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Senate holds hearing on marketing of violent entertainment

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  1. Content Restrictions

    NMU         WASHINGTON, D.C.         Broadcasting         Sep 15, 2000    

Senate holds hearing on marketing of violent entertainment

  • A Senate committee explored the fine line between ridding entertainment of violence and regulating artistic speech.

At a September Senate hearing on the marketing practices of the entertainment industry, senators and the FTC chairman alike vowed that their concerns about marketing did not encroach on the First Amendment rights of the artists and film makers.

“It is not my purpose to pass judgement on the products or your industries,” said Sen. John McCain, chairman of the Commerce Committee, as he opened the hearing on Sept. 13. “We all have our own views on the quality and value of what will be defended as art.”

McCain and many of his colleagues on the committee unabashedly objected to what the Federal Trade Commission reported is the prevailing corporate strategy of routinely target films, music and games with adult content to young children.

Robert Pitofsky, chairman of the FTC, said as the primary consumer protection agency, the FTC has the authority to police unfair and deceptive trade practices. At the direction of President Clinton, the commission issued a report after a 15-month study which led to the Senate hearing. As a result of the commission’s findings, the call went out for self-regulation in the respective industries, but strict government regulations were not ruled out.

Long-time Hollywood critic Sen. Joseph Lieberman supported introducing new legislation to augment FTC regulations in the event that self-policing failed to stop the “deceptive” marketing practices. Lieberman said that any legislation must be “fully consistent with the First Amendment, and in no way regulate or restrict the underlying content of the movies, music or video games.” The Connecticut Democrat and vice presidential candidate testified, “We are focusing on how they market, not what they make.”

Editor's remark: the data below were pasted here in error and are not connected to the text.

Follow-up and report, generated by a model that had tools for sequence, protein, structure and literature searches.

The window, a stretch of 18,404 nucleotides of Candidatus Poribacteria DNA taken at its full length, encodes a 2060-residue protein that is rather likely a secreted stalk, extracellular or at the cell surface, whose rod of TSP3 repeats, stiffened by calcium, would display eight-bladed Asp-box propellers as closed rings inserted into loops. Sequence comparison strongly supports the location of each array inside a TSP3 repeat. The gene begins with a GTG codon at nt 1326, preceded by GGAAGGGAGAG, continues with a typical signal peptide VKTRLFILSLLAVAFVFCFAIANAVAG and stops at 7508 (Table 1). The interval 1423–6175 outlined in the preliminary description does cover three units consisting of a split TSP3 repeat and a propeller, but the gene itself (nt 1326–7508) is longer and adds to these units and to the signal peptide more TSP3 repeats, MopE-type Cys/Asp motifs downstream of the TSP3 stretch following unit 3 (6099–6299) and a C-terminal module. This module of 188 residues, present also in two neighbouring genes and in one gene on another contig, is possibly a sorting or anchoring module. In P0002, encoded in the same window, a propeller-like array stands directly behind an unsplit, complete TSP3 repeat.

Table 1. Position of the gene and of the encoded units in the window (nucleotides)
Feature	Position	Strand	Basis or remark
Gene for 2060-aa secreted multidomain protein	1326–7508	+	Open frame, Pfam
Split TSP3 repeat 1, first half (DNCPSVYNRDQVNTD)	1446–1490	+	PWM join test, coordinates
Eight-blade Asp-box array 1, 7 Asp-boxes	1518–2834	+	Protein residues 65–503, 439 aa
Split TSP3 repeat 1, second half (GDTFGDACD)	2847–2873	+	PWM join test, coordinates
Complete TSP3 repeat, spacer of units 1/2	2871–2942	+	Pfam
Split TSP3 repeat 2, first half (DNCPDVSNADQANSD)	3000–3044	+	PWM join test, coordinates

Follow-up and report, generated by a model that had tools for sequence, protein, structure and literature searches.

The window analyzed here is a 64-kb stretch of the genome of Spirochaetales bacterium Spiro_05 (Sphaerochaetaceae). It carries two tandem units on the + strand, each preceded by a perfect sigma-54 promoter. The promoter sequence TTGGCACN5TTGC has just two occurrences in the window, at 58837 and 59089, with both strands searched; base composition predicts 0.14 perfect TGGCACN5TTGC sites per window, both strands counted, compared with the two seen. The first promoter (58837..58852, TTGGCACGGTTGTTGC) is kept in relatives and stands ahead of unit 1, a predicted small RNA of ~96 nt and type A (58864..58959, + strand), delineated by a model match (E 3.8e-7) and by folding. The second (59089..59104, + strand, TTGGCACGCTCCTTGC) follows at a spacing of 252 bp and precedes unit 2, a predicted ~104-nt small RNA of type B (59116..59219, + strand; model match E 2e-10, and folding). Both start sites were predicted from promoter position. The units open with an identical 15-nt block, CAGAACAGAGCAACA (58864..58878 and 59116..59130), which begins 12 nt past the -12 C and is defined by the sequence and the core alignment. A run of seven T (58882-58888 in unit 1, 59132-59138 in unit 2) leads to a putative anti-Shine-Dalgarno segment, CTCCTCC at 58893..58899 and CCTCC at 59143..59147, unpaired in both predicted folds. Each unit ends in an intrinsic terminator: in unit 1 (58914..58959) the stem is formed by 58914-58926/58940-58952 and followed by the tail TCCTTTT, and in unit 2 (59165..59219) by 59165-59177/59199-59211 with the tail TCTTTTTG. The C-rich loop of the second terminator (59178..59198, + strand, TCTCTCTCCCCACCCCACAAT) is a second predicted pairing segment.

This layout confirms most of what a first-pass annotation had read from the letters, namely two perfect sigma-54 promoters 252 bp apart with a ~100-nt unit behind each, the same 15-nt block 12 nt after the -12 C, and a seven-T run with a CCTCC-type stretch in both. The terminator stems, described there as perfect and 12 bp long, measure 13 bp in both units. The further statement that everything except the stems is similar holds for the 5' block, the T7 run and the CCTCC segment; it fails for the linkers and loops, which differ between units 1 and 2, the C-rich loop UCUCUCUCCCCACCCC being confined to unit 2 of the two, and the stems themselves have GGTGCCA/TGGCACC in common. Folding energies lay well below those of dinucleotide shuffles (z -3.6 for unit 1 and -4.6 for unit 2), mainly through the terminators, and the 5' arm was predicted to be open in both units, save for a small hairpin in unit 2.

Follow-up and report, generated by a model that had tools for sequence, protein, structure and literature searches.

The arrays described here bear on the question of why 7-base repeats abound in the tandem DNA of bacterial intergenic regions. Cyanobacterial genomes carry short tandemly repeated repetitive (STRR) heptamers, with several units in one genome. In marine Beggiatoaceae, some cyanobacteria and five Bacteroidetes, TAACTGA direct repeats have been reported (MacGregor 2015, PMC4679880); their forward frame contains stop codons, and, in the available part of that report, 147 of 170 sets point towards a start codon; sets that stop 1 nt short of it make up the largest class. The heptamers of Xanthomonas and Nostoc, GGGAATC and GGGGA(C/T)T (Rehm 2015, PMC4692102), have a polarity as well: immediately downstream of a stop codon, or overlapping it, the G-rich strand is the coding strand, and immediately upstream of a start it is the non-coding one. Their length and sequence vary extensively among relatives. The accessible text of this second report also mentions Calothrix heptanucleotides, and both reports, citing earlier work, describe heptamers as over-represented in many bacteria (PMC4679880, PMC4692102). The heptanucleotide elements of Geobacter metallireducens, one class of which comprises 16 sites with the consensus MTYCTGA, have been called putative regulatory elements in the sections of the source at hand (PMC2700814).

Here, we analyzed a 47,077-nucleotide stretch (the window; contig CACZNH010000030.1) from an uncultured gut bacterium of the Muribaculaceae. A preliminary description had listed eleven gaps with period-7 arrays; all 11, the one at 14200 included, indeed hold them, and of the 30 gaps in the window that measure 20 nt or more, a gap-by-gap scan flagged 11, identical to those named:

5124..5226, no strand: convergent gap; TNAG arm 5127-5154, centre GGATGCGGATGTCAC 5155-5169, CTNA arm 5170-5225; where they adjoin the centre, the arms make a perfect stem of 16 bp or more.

Noticeably absent from the hearing were the executives of the largest motion picture studios. Angered by their absence, McCain announced another hearing on Sept. 27 specifically to hear testimony from the studio executives.

Representatives from the recording industry did attend and trumpeted artistic freedom.

“Many of our artists legitimately express and comment on the problems of our society. We need to ensure that their voices are heard,” said Strauss Zelnick, president and chief executive of BMG Entertainment.

Additionally, Zelnick suggested to the committee a way to debunk the image that pop culture glorifies violence. He proposed a national public service announcement campaign, led by the artists themselves, to send an anti-violence message to children.

The former chairman of the National Endowment for the Humanities refuted the idea that art imitates life. In her testimony, Lynne Cheney called the music industry socially irresponsible for distributing violent and misogynic lyrics. Cheney compared the entertainment industry’s denial of a cause-and-effect relationship between music and behavior to the tobacco industry historically refuting cigarettes cause cancer. Notwithstanding her objection to the industries’ practices, the wife of the Republican vice presidential candidate did not want government to regulate the industry.

“I have long been a vocal supporter of free speech, and it is hard to imagine a law to regulate the entertainment industry that would not run afoul of the First Amendment,” she said.

Utah Sen. Orrin Hatch, on the other hand, said the music industry must stop “hiding behind the shibboleth of censorship.”

“These artists will continue to flourish until the industry stops pretending that the permanent coarsening of entertainment is the only way to pay homage to the First Amendment,” said the Republican and part-time Gospel song writer.

SM

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